In the past, the perception of Africa by the rest of the world was always on the negative side. However, tech entrepreneurs are gradually becoming the face of the continent, with ground breaking success stories as well as solutions that not only address local problems but also meet international needs.
Unlike before, African tech startups are keen on proffering solutions designed with the local market in mind and not forgetting the bigger picture – the international market.
United States’ President Barack Obama in his recent visit to Kenya affirmed that Africa is one of the fastest growing regions in the world, praising the continent’s economic advancement.
Now the question, what’s the promise of African startups to local and foreign investors?
The large pool of educated young people with the inadequate formal employment opportunities has resulted in breeding both creativity and entrepreneurship on the continent.
Investors need not be told of the huge potential with respect to the population – over a billion with 4 countries having over 70 million each. Of course, there are the risks and challenges attached to doing business on the continent. However, the success stories in the industry within the last couple of years have proven the possibility of running a successful business irrespective of the challenges.
And this have given rise to Africa-centric initiatives like the FastForward Africa among others.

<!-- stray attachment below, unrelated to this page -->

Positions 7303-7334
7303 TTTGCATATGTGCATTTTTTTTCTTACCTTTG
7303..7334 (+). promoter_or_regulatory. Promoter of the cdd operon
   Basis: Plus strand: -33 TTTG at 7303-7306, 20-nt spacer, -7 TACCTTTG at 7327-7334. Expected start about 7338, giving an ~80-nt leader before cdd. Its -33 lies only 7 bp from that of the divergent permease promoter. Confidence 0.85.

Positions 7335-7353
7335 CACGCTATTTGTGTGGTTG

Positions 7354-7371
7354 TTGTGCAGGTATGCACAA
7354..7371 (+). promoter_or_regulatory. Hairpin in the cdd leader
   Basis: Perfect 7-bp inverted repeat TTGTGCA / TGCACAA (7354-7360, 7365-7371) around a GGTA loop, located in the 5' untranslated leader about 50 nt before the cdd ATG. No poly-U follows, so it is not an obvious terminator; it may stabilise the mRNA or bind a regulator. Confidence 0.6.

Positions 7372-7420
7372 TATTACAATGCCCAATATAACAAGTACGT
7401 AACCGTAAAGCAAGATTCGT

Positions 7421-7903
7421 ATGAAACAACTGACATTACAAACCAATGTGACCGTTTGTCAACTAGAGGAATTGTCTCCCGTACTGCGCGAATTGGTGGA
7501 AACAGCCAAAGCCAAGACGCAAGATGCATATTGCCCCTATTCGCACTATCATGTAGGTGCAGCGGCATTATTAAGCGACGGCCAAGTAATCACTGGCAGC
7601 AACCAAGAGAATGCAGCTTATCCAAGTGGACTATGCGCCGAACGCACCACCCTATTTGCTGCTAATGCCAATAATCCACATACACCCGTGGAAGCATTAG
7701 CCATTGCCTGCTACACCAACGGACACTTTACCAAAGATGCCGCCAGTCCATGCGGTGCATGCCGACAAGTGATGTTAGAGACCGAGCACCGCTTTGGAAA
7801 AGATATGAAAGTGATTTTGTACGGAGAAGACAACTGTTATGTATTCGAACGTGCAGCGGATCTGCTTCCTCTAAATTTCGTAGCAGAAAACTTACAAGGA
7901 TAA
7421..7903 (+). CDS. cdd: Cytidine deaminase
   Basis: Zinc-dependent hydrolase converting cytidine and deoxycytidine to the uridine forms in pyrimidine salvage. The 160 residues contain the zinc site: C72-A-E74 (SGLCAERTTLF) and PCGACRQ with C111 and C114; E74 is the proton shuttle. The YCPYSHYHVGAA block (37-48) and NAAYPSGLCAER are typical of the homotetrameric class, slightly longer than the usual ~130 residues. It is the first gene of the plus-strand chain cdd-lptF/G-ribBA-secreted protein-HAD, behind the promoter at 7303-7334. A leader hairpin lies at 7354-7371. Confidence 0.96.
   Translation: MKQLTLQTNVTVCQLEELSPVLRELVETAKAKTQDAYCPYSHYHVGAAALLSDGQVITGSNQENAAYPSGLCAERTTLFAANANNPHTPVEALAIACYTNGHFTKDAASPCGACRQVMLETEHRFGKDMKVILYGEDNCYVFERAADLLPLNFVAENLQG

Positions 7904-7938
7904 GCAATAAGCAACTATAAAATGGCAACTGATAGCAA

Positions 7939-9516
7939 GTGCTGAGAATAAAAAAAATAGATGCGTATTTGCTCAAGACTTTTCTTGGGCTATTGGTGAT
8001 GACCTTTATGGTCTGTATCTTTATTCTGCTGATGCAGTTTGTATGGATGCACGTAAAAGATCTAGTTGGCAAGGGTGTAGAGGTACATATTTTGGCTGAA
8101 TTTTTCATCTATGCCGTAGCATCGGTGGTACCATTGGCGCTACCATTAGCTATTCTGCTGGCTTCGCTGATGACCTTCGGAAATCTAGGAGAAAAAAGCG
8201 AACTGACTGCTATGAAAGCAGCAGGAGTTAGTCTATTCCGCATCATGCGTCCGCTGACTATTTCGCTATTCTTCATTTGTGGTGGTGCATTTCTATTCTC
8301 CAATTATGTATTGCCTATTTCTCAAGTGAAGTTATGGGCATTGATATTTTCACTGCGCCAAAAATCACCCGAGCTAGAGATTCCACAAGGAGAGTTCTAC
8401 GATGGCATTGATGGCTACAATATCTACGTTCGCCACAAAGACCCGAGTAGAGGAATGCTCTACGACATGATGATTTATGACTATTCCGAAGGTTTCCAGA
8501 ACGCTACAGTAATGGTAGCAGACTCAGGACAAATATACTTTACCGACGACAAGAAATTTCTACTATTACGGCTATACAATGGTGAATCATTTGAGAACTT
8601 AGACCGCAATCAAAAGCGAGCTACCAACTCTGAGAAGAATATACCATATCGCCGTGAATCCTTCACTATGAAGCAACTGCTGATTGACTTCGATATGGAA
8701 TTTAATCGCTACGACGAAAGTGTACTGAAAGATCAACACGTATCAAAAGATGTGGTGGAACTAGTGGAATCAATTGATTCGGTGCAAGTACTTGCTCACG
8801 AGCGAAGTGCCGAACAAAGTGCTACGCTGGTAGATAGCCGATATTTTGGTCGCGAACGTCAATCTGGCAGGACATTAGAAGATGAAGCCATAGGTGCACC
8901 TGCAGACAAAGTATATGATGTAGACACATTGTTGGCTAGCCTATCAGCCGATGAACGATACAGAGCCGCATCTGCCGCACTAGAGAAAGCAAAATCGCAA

One major benefit of investing in startups is the immense potential for huge returns. Apparently, only savvy investors focus less on the risks in a bid to reap the enormous rewards of the continent’s unexploited startup investment market.
The investors who can lean on the investments opportunities in the African startup ecosystem will most likely smile to the bank.
While there are indications that investment for growing companies is still in the infant stage on the continent, Metro Africa Xpress (MAX) co-founder, Chinedu Azodoh is of the opinion that investors abound on the continent – startup founders just need to approach the right persons.
Some promising African startups have received startup capital and have made names for themselves, attributable to amazing success stories and tractions.
Jan. 18: Bonus Built in Africa episode: Town Hall meeting with Peter Salovey, President of Yale University
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